Different Types of Auto Insurance
Researching all the different types of car insurance can be overwhelming.
All car insurance plans come with some mandatory coverage limits as well as some optional policies. Which types of car insurance policies do you need to have? Which policies should you have? And which coverages can you do without? Today, we’re explaining everything you need to know about the different types of car insurance.
Liability Coverage (The Bare Minimum Car Insurance You Need to Have)
First, let’s start with something simple. There’s something called liability coverage that is an absolute requirement to drive on every road in the United States. Drivers in every state (except for New Hampshire) require a minimum amount of liability insurance to drive on the road legally.
Liability coverage doesn’t protect your own vehicle, nor does it cover your own medical expenses. Instead, the main purpose of liability coverage is to cover damages to other people and property. If you cause an accident, for example, then your liability coverage will be used to pay damages you inflicted upon the other vehicle. It may also be used to cover the medical expenses and lost wages of any passengers or drivers you may have injured.
Liability coverage isn’t optional. If you’re looking for the bare minimum level of car insurance required to drive on the road, then you need liability coverage. All other insurance policies listed on this page are optional, but you always need liability coverage.
Liability coverage limits vary widely between states. Some states require just $10,000 of liability coverage, for example. That means if you’re involved in an at-fault collision, then your insurance company will provide up to $10,000 in coverage.
Typically, liability coverage limits are expressed like 10/30/15.
What does this mean? Well, it means that your insurance policy covers $10,000 of damage for each person involved in the collision (like the drivers and passengers of the other vehicle), with a maximum of $30,000 of coverage per accident (for a maximum of three passengers or drivers) and a maximum of $15,000 of property damage coverage per collision. Some states require this 10/30/15 amount as a bare minimum. Other states have higher limits.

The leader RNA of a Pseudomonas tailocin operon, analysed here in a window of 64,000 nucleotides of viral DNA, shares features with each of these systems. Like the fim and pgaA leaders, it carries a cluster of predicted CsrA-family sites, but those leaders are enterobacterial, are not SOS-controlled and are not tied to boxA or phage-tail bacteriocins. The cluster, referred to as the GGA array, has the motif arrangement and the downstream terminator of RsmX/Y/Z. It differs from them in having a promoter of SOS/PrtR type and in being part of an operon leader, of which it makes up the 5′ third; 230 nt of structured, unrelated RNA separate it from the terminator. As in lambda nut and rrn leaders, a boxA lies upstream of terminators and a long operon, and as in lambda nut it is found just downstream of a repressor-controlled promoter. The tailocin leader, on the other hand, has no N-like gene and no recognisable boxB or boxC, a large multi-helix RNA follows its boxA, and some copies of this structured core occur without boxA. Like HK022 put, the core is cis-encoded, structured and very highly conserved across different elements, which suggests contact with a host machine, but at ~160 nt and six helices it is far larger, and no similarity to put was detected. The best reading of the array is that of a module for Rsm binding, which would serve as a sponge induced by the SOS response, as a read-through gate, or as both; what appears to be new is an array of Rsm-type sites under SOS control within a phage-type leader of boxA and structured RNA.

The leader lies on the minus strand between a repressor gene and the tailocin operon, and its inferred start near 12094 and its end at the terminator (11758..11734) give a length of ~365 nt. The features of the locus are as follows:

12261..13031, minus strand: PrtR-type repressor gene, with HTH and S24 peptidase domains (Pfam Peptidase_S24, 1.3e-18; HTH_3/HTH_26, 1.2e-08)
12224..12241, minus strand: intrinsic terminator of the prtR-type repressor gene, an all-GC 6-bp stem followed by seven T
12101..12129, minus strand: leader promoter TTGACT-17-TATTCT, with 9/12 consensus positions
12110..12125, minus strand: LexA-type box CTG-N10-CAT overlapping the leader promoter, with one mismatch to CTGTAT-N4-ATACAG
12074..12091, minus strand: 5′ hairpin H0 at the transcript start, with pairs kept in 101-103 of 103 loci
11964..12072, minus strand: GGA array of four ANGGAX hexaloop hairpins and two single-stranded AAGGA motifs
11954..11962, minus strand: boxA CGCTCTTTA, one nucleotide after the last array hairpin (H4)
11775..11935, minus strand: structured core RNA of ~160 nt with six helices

Liability coverage is broken down into two main components:
Bodily Injury Liability: This refers to coverage related to another person’s injuries – say if you cause an accident and need to pay for someone’s medical expenses. These are the first two numbers in the 10/30/15 example listed above ($10,000 of bodily injury liability per person per collision and $30,000 of bodily injury liability per collision).
Property Damage Liability: This policy covers damage caused to another person’s property while driving. This is the third number listed above. You might have $15,000 of property damage liability, for example, which means your insurance company is required to cover up to $15,000 of property damage per collision.
Ultimately, if you’re looking for the cheapest auto insurance coverage and just want to get on the road as quickly as possible, then you need liability coverage – nothing else.
Collision Insurance (Recommended But Not Required)
Up above, we talked about how liability insurance provides protection for other drivers, passengers, and property you might damage while driving. Basic liability insurance, however, provides no protection for your own vehicle.
If you want to protect your own vehicle in a collision, then you’ll need collision insurance. Collision insurance will cover damage to your vehicle after an accident. If you collided with another vehicle, then your liability insurance may be used to cover damages inflicted upon the other passengers, drivers, and vehicles, while collision insurance covers the costs of repairing or replacing your own vehicle.
Comprehensive Insurance (Recommended for Anyone Who Wants Maximum Protection)
Comprehensive insurance is the cream of the crop of car insurance policies. It’s the best policy you can get. It provides total protection against virtually any incident involving your vehicle.
The main difference between collision-only insurance and comprehensive insurance is that comprehensive insurance covers damage caused by non-collision-related incidents.